Let's focus on the ingredients for the new launch of perfume 106. It smells good natural rose, fresh garden rose but it is also suave and vanilla. Here are some details on its olfactory pyramid.
Before even unpacking the "olfactory pyramid" and the "top, middle and bottom notes". We will give you some keys to understand this somewhat technical vocabulary. According to their volatility (or persistence), the ingredients are classified into 3 levels:
-Top notes: Volatile notes, the freshest notes that you can smell during the first few minutes.
-Heart notes: Notes that create the identity of the perfume because they last several hours. They are often flowers and spices.
-The base notes: Persistent notes that give the trail of the perfume that can be smelled for hours, even days on clothes... Woods, musks are also used to fix, "retain" the heart and top notes.
Here is the one of 106 :
› Damascena Rose: fruity rose › Pink pepper: spicy, fruity
› Ambrette seed: sweet, powdery
› Davana: fruity, liquorice
› Rose Essential: a very fresh rose
› Papyrus: woody, dry
› Vanilla: addictive, round
› Balm of Peru: soft, smooth
› Sandalwood: warm, milky
What does Damascena Rose look like?
In perfumery, two varieties of rose are used: the May rose and the Damascena rose. Two beautiful names... but don’t have any idea how they smell? We used the Damascena rose in the 106, it is less honeyed than the Centifolia, more lychee, more raspberry and fresher in the head.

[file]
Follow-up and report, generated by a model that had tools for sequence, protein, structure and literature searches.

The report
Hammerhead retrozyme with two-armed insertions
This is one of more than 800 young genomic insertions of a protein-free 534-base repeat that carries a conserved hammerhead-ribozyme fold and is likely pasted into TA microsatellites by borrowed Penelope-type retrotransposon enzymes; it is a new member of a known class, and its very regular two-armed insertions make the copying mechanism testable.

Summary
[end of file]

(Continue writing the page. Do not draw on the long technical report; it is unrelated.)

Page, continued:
What does Davana look like?
This green leaf comes directly from India. Don’t be mistaken though, its green color has nothing to do with its smell. At the heart of the fragrances, davana reveals very fruity, almost cherry and velvety facets and a powerful liquorice note.
And the ambrette seed?
It is a pretty little seed that grows in Peru. They are found at the heart of a large yellow flower that resembles the hibiscus. Olfactorily, the ambrette seed is powdery, musky and therefore warm… a real delight. It is a great alternative to the use of musks coming from animals.